You’ve probably all heard the news by now that Stephen will be joining Mary Beth on the show for the 50th anniversary coming up, along with a SORASed Joey. Part of me is excited and hoping against hope for a real, angsty reunion story — and part of me is expecting a tired triangle with — I don’t know, Eve? Ugh. Likely the reality will be somewhere between the two.
In any case, I’ll definitely be tuning in! So this has inspired me to try to shake the dust off this blog. I’m not ready to jump back into the current show — I’ll do it when we get closer to the anniversary — but this is a perfect opportunity to check back in with the past, in preparation for the future. But can I just be posting about Jack and Jennifer and Shayla with S&K coming back? No! So I’m going to break out of my current timeline for a bit and go way back, back to the beginning ….
I have to say, my favorite way to watch these scenes is to think about them from a storytelling perspective, how carefully this was planned. It’s important to remember they had already started adding depth and layers to bad-guy Patch at this point in the story: we saw he genuinely loved Britta, we saw him starting to help Bo. Hope already likes him. However, he is still mostly a bad guy, and it would have been perfectly plausible for Steve to work for Emma simply because he was a thug-for-hire. It adds a little something to his character that he initially refuses her offer (and calls her “the wicked witch of the west” — love it!) and says he is “selective” in who he works for. But his anger at Bo over Britta gives him a personal, more understandable motive to scare Bo’s sister.
At the same time, though, the show isn’t pulling its punches — let’s face it, it’s not really that great of a reason to stalk and scare someone. And it shouldn’t be. If this is a true redemption story, and it is, we need to see that Steve has something to be redeemed from. Steve’s line to Bo and Hope above frames the issue perfectly: “Don’t give me this ‘Steven’ crap. I’m Patch — that’s all I’ll ever be.”
Here’s another awesome thing, again from a storytelling perspective: we aren’t told who Kayla is. We see Steve react to the name on the piece of paper, but we never see the name ourselves. And through all of the scenes in Cleveland, Kayla is never identified. It is not until it is all over and Kayla receives Kim’s call, asking her to come home and help Bo, that we realize who she is. It’s a great way to introduce a new recast, essentially a new character. All through these scenes, we wonder who she is. Why does he say it will be “fun” to scare her? Does he know her? Is it someone from Steve’s past? An alert viewer might remember that Kayla is a nurse, that she moved to Cleveland, but I bet most people didn’t figure it out (ah, the days before spoilers!). It creates interest in a new character from the beginning.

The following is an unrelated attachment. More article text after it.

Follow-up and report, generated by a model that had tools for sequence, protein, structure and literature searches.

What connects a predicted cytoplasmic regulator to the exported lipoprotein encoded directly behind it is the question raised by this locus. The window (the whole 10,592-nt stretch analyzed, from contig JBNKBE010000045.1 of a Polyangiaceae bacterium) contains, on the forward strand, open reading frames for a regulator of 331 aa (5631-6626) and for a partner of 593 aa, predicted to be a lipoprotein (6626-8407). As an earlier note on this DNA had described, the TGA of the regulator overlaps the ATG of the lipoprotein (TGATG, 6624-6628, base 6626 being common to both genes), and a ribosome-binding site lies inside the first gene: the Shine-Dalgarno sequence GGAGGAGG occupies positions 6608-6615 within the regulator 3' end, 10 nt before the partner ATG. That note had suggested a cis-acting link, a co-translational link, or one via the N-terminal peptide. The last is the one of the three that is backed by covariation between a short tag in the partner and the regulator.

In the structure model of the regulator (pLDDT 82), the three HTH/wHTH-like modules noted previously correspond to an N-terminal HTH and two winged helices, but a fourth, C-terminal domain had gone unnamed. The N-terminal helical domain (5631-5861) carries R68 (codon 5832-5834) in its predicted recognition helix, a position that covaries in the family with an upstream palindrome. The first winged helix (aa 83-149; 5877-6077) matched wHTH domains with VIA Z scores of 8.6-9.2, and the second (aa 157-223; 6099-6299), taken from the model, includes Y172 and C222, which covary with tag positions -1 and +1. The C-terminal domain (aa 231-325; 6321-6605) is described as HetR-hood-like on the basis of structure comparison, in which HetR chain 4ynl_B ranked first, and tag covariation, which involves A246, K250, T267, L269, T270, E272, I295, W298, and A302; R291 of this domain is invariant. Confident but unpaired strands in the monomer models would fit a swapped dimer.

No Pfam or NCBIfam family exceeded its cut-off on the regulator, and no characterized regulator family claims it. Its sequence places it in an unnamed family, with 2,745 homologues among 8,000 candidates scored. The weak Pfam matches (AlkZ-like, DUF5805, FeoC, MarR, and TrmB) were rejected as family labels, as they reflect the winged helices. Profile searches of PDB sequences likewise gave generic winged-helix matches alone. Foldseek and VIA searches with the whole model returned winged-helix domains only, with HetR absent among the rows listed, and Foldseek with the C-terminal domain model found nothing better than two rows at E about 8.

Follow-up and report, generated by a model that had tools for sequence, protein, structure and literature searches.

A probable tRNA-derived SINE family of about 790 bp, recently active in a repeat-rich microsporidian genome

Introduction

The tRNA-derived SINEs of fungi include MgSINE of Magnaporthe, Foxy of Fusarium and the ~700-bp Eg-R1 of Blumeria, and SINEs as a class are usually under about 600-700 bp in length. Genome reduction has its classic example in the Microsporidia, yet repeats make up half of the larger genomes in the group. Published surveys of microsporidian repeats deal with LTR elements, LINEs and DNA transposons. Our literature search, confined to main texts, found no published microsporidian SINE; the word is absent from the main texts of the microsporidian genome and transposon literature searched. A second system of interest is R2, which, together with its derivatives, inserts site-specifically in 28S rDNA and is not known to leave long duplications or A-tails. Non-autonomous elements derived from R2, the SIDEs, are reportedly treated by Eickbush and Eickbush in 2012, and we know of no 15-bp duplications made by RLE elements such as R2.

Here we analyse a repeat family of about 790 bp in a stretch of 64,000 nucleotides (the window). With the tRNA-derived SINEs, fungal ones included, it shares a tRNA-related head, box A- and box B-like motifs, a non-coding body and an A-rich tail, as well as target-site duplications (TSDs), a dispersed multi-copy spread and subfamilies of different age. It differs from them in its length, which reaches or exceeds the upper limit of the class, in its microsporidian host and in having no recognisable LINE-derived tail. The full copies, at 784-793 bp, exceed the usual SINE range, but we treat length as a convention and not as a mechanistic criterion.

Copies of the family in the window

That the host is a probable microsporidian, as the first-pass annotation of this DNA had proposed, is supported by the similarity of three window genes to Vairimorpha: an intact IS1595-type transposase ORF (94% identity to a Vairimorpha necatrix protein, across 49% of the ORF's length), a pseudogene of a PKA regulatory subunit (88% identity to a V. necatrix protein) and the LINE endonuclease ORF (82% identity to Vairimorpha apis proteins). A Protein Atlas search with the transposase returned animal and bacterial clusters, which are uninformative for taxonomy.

And now for the stalking itself. I am amazed at how scary Steve is, amazed that the show decided to make him that scary (and seeing a yellow rose used this way makes me want to cry). Personally, I don’t see anything in these scenes that hint at the planned love story. This wouldn’t have been inconceivable. We could have seen Steve regret what he was doing, have second thoughts, hesitate. We could have seen him overcome with self-loathing afterwards. We see his attraction to her, sure, but given the context it comes across as, frankly, creepy. But I love that they do it. I think it demonstrates the confidence of a show at the top of its game. They knew they had the patience, the writing ability, and the chops of two amazing actors, to come back from this.
(I am going to try, try, try my very hardest not to let weeks pass between posts as I go through this. I want to spend some time in detail with very early Steve and Kayla, since I feel this time period gets a bit neglected. I’ll also keep posting about Jack and Jennifer and Shayla as I continue to watch those stories. This is going to be fun!)